dotted line is the distribution of E scores calculated from so-

lution sets in which the locations in parameter space were

held fixed, and the function assignments were drawn ran-

domly from the set of possible functions for the given network.

Both distributions are averages over the individual distribu-

tions for each network, as there was no correlation between

the means or variances of the individual distributions and the

networks’ E scores.

For each network, mutual information I [Eqn. (5)] was

calculated along straight-line paths in parameter space

between all solutions pairs within a randomly chosen sub-

set of its optimally informative solutions. Examples of

these paths are shown in Figure 3A, for 10 solutions from

the inset network. The solutions at either end are local

maxima in I, and the paths show the loss in information

capacity the network would suffer if it were to move from

one solution to the other along a straight line in parame-

ter space. Some information loss is unavoidable: chang-

ing function requires reordering the output distributions

(see Figure 1B), which means overlapping at least two

of them at a time, and with 8 distributions the shift of

two distributions from fully separated to fully overlapped

incurs a minimum loss of at 0.25 bits. Seven of the 10

functions corresponding to the 10 solutions in Figure 3A

are unique; at least 91% of the plotted paths involve a

change in function.

Nonetheless, we find that the loss in information suf-

fered in going between optimal solutions is surprisingly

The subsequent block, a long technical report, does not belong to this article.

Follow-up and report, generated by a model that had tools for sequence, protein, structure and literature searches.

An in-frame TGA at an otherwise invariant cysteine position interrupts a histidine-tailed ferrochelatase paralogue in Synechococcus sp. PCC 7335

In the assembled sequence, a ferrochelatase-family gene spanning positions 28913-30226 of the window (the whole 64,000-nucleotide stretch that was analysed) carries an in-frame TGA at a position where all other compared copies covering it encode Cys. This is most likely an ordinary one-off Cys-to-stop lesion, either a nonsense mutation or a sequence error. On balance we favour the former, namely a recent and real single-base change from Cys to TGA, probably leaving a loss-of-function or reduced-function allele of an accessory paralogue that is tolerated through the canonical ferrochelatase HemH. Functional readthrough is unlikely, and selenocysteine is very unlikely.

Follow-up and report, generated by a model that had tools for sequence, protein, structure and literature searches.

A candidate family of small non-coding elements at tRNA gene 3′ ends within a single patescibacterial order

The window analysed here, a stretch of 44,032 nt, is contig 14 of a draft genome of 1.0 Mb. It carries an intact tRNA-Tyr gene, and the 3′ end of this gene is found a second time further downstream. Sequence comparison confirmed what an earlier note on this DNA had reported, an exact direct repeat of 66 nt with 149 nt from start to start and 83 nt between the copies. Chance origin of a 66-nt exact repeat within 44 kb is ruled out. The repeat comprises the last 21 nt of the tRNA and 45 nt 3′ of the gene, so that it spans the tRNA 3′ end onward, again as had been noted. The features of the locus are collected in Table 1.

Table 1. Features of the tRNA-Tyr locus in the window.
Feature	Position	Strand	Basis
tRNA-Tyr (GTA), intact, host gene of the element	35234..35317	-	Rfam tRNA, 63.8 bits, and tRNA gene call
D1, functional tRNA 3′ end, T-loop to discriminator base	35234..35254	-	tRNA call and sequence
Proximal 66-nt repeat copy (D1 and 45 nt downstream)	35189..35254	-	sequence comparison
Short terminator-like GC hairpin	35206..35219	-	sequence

minimal. The right panel of Figure 3A shows the dis-

tribution of minimal mutual information values I0along

the paths for the inset network, and Figure 3B shows the

means and the standard deviations of I0 distributions

for all networks. For only a few networks do a significant

portion of the paths drop below 1.5 bits, and almost no

paths drop below 1 bit. We note in passing that the net-

works in Figure 3B are shown as in Figure 2, i.e. ranked

by evolvability score E, and so Figure 3B also demon-

strates that there is no significant correlation between I0

and E.

We emphasize that Figure 3B represents a lower bound

on minimum mutual information encountered in transi-

tioning between solutions. It is by no means necessary

(and is most likely biologically unrealistic) for a func-

tional change to proceed via such uniform changes in

biochemical parameters. It is more likely that there exist

transition paths that are more optimal than the straight-

line paths, and that the most optimal I0distributions are

actually shifted higher in information than those gener-

ated here. Thus it is quite nontrivial (and it is further

testament to their evolvability) that even along direct

paths between optimal solutions these networks in most

cases do not drop below 1.5 bits of processing ability,

considering that the solutions themselves operate in the

range of ∼2 − 2.8 bits. A network can be evolving and

functional at the same time.

DISCUSSION